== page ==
In sum, whether it is ethical to engineer human intelligence depends on what ethical system one deploys to answer this question. There are many ethical systems in history, in the world today, and new ones no doubt will be developed in the future. All of these are incompatible with each other to various degrees, and agreement on any one is in principle possible, but exceedingly unlikely today. The basis of such agreement would be a political act of a global embrace of a particular cultural understanding, for example like the widespread conviction today that slavery is unacceptable on any grounds.
A second question about prospect of genetically engineering human intelligence concerns desirability. Again, any answer to this question depends on one’s particular point of view (there are no “objective” or “neutral” standpoints here). From whom might it be desirable or undesirable? For the individual? For his or her community? For humankind? For the planet? In each case, both yes and no are plausible answers. For intelligence in any environment is double-edged: it has no inherent moral compass and can facilitate just behavior as well as unjust, decency no less than barbarism.
Consider the individual: greater intelligence means heightened capacity to imagine and realize goals — but could just as well damn the recipient to the continual frustration of a world that will not bend to his or her will. Consider the community: heightened intelligence promises a more productive, creative, and thoughtful populace — but could also result in more aggressive, selfish persons better able than unenhanced citizens to take advantage of fellow citizens. Consider humankind: might a species of greater intelligence better find its way to a peaceful world of just communities — or to an intellectual, social, and material “arms race” among competing groups? Consider the planet: would a species of higher intelligence be a better steward of the fragile planet it shares with other species — or one more rapacious, because its heightened intelligence unleashed heightened needs and the will to realize them even at the planet’s expense?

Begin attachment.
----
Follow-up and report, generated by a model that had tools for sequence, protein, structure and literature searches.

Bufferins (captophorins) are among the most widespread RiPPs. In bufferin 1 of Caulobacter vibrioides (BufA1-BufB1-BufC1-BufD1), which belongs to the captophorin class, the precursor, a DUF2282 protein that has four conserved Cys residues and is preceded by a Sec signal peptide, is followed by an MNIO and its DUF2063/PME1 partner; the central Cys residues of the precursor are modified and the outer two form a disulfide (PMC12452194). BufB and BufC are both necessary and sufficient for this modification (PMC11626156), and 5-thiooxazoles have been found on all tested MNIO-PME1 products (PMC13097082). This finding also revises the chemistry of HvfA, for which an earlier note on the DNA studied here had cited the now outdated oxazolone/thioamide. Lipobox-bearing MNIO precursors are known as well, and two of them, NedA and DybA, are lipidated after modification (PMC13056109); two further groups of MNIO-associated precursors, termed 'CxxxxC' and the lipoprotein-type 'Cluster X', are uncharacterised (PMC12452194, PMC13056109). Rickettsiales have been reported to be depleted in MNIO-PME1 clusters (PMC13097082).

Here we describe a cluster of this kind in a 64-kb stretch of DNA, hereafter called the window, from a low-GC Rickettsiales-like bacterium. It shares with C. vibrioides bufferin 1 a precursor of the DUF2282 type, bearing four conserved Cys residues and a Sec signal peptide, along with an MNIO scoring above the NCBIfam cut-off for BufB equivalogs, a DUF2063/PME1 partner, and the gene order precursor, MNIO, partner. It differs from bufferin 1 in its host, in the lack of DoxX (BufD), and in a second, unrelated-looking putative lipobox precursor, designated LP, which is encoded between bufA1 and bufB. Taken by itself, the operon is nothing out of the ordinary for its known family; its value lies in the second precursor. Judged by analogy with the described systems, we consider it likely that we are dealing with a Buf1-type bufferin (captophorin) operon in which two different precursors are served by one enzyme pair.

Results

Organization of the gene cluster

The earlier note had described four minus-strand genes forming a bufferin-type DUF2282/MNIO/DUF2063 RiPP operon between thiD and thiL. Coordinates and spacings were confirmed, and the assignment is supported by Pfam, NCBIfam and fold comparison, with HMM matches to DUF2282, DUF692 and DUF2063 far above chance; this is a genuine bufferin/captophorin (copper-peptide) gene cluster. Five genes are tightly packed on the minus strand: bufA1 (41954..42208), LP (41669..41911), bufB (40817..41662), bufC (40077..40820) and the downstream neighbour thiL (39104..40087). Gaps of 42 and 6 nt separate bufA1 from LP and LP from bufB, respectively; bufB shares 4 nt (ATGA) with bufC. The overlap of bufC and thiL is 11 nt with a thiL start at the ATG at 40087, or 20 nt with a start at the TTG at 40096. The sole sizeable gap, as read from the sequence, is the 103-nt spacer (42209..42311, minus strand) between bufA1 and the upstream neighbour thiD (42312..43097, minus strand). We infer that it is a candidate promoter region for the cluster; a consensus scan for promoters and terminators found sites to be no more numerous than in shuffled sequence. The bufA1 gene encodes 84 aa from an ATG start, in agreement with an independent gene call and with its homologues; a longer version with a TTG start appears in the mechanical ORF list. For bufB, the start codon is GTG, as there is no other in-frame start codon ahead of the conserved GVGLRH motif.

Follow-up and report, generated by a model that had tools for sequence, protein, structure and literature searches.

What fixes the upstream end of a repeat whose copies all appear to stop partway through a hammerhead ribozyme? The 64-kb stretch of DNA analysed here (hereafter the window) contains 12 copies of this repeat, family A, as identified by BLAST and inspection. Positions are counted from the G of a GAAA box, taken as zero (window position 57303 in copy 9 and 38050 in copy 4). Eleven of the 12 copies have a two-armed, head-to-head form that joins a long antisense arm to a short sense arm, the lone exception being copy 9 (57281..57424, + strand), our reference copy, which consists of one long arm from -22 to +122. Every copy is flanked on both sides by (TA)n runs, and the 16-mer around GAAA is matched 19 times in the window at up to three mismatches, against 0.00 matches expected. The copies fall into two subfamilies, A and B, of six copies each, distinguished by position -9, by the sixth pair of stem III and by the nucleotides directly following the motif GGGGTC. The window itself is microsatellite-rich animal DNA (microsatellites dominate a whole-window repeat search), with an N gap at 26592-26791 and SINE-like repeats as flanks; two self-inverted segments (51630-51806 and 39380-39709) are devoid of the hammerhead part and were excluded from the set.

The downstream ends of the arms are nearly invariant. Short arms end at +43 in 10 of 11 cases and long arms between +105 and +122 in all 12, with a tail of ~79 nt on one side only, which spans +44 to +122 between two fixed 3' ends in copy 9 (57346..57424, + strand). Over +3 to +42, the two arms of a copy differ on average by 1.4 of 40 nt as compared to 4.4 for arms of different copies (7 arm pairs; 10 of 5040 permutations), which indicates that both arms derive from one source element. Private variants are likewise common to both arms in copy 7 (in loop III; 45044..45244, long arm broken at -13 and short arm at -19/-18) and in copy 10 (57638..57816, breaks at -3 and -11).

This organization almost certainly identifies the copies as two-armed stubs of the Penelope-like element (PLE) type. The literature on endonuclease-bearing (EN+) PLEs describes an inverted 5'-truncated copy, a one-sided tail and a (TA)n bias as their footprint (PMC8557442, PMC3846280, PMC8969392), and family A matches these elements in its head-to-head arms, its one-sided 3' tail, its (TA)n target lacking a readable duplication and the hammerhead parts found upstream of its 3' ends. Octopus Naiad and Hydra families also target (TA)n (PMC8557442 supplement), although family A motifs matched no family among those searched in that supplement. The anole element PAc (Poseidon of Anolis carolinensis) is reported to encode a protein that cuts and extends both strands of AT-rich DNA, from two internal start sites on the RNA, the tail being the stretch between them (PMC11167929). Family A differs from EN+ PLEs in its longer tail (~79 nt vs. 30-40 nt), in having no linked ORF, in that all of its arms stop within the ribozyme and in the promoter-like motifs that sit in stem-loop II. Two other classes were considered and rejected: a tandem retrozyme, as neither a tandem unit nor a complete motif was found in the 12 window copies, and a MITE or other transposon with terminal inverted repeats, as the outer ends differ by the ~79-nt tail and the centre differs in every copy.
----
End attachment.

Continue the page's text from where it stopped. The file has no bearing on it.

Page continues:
This exercise merely shows the obvious: that the knife that can save a life can also take a life. Less obvious because necessarily hypothetical are unintended consequences. The very fact of their not being intended marks such consequences as risks. Some risks follow simply from the powerful, exceeding complex interdependencies of various variables. While some risks pay off, others don’t. Is heightened intelligence worth that risk? We cannot yet know.
Further, engineering costs money and, at least initially, only wealthy persons would be able to afford the enhancement. In this way, engineered intelligence would exacerbate existing social and economic disparities if, as seems likely, greater intelligence confers advantages in the various spheres of life in which people compete for advantage — spheres in which some are perpetual losers.
In short, whether it is ethical and desirable to engineer higher intelligence depends not on the heightened intelligence as such but on the complex weave of social, political, economic, cultural and ecological factors that compose human communities. These factors constitute the environment in which bearers of engineered higher intelligence behave. Consider just two factors: wealth and influence. Money is power and people struggle mightily against each other to gain more wealth and wield greater influence, both as individuals and as groups and as nation states. If, as seems likely, heightened intelligence confers advantages, at least to some recipients, at least some of the time, at least in some circumstances, one can imagine a socially destabilizing struggle to control access to it—a struggle with winners, losers, and “collateral damage.” But not necessarily.
Any estimation of the problems and prospects of human intelligence, whether engineered or not, will depend on some conception of human nature. If human nature is a social construction, the two questions I consider above will find quite a range of answers in a context of deep, intractable, and abiding disagreement within communities and across cultures. But I would hope to persuade my readers that the idea of humankind directing, politically, the course of its own evolution need not mean taking control of the species’ genome. It could mean taking control of the socially constructed cultural environment in which genetic enhancement takes places. The moral and political question — is there some kind of human nature and, if so, what it might be? — is then the question of what constitutes human well-being, just social arrangements, as well as individual and collective virtue. It is, in short, the question: not, What is our nature? But rather: What do we want our nature to be?